Side Letter: Temasek’s 65 reasons to look West; PE’s fossil fuel struggles

A newly launched Temasek subsidiary has eyes for the US and European mid-markets. Plus: Private equity is struggling to kick its fossil fuel addiction and the numerator effect looks set to bolster secondaries. Here's today's brief, for our valued subscribers only.

They said it

“Virtually every plan, every institutional investor, that we talk to is wrestling with the challenge of lower future rates of return.”

Matthias Bauer, senior consultant for investment adviser RVK, told the New Mexico State Investment Committee at its Tuesday meeting that the flipside of “tremendous” returns is lower forward expectations.

Just happened

Temasek in the middle
As one of the world’s most sophisticated global private equity investors, it’s no secret that Singapore’s Temasek has developed a hearty appetite for US and European private equity in recent years. This morning, it unveiled plans to expand its presence in those respective mid-markets. It will do so via a new S$4.5 billion ($3.3 billion; €2.9 billion) subsidiary 65 Equity Partners (so named for the year of Singapore’s independence). The entity, funded in part by the government, will also invest domestically in large corporations and across Southeast Asia’s high-growth new economy.

Private Equity International caught up with Temasek president and 65 Equity chief Tan Chong Lee to discuss its plans for the project. Spoiler alert: third-party capital raising is on the cards.

Temasek’s latest endeavour comes amid a concerted effort to make its presence felt in North America. In the four years to March 2019, the US was the recipient of the largest share of Temasek’s new investments: around $36 billion, or 15 percent of the total. A PEI Deep Dive last year examined this mission, which is spearheaded by Americas boss John Vaske. You can read that here.

A load of hot air?
There’s been a lot of noise around moving away from oil and gas investments in recent years. What to make then of a report published this month that found PE firms have invested around $1.1 trillion in energy assets since 2010, with that total “dominated” by fossil fuel holdings? Affiliate title New Private Markets reached out to 10 managers that are either raising or deploying funds totalling more than $40 billion with mandates allowing for oil and gas investments. NPM asked each firm how they plan to invest in the energy sector from any recently raised pools of capital earmarked for the fossil fuel industry. Here are some highlights from their responses below:

  • A spokesperson for Blackstone said that “virtually none” of the capital the firm deployed over the last three years was invested in upstream oil and gas assets. “A lot of those activities we’ve [moved away from in] a significant way,” Blackstone president Jon Gray said during a recent earnings call.
  • As TPG raises its TPG Rise Climate fund targeting $7 billion, a spokesperson said that TPG has shed fossil fuel assets from its $108 billion portfolio to less than 1 percent and is “rapidly decreasing that to zero”.
  • A spokesperson for CVC Capital Partners said the firm’s €22 billion CVC Capital Partners VIII allows for natural gas investments, but only if those assets comply with science-based emissions targets and efficiency standards, or are in the process of transitioning to the low-carbon economy.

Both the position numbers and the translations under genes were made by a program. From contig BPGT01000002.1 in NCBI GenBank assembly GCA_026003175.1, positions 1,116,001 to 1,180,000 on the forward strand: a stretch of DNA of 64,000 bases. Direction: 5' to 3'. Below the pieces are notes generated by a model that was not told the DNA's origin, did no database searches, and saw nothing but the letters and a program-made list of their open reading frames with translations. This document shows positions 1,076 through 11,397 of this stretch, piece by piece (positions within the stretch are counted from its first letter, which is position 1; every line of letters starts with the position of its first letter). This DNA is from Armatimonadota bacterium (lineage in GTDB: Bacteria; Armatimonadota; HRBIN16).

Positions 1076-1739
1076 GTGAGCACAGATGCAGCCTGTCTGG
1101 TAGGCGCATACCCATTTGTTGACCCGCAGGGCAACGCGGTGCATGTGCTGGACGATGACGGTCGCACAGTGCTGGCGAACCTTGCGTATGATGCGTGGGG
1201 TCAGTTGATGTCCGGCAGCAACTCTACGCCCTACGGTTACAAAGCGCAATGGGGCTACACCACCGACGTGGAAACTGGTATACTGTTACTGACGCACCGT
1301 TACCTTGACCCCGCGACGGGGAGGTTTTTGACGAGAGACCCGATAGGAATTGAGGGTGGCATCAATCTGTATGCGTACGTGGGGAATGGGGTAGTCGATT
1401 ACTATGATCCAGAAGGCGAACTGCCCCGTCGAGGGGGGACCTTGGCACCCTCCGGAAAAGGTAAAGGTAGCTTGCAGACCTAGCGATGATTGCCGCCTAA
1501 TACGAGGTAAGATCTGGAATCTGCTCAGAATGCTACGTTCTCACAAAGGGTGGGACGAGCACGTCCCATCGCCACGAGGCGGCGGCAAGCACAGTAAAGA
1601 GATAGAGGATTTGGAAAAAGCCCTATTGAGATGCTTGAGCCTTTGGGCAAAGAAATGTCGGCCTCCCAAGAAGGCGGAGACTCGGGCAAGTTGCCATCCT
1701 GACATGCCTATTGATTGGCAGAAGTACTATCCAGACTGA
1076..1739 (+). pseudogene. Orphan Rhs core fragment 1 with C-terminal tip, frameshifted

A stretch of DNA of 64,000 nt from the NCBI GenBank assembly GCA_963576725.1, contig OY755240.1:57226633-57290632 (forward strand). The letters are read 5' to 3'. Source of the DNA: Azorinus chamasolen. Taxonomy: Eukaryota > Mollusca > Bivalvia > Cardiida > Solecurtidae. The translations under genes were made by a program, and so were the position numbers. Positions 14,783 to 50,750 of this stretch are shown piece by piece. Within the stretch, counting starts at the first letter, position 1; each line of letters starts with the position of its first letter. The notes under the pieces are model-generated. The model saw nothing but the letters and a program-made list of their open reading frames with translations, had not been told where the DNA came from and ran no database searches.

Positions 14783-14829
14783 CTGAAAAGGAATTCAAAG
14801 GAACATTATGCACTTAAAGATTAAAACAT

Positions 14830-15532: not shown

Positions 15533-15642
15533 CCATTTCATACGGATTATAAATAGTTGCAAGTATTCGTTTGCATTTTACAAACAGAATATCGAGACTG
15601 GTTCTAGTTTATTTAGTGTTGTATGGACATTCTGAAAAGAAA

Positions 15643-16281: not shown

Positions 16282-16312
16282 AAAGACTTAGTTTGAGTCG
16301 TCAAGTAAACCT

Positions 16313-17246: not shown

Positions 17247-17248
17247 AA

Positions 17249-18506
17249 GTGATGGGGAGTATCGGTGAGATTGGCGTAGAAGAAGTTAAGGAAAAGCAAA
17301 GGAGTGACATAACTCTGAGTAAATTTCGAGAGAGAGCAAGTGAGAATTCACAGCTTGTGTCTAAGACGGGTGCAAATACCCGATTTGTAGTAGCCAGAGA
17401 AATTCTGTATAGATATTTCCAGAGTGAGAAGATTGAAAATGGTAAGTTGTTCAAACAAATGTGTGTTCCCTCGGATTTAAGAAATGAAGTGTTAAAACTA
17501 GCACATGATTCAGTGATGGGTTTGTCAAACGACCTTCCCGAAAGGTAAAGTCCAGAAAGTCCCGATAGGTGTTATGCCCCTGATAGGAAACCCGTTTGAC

You can read the full article on New Private Markets here (registration required).


Secondaries tailwinds
Montana Board of Investment plans to use the secondaries market to opportunistically sell PE fund stakes and divest of non-strategic relationships, according to materials from its quarterly meeting last week. Our colleagues at Secondaries Investor have more details (registration required). The $25.3 billion institution has an actual allocation of 14.8 percent within a target range of 11 to 19 percent for the asset class. As with many investors of late, its recent performance has been stunning, generating a 41.6 percent time-weighted net return over the last 12 months. Outperformance in the wider market this year has resulted in a numerator effect for many institutional portfolios as PE outpaces other investment buckets. Blackstone president Jon Gray told analysts on its Q3 earnings call last week that the resulting over-allocations would be “very bullish” for its secondaries business.

Dig deeper

Institution: Contra Costa County Employees’ Retirement Association
Headquarters: Concord, US
AUM: $10.58 billion
Allocation to alternatives: 23.8%

Contra Costa County Employees’ Retirement Association made a $50 million commitment to Trident IX, according to the pension’s October retirement board meeting document.

The fund, managed by Stone Point Capital, is an upper-mid-market fund focused on the financial services sector. According to board documents, it targets control investments in buyouts, growth-oriented recapitalisations and de novo investment opportunities.

The pension previously committed $40 million to the fund’s predecessor, Trident VIII, which held its final close at $7 billion in 2019, exceeding its $5.75 billion target.

CCCERA’s recent commitments have primarily been to buyout funds targeting investments in multiple sectors. The pension allocates 10.4 percent of its investment portfolio to private equity.

For more information on CCCERA, as well as more than 5,900 other institutions, check out the PEI database.

Today’s letter was prepared by Alex Lynn with Michael Baruch. and Toby Mitchenall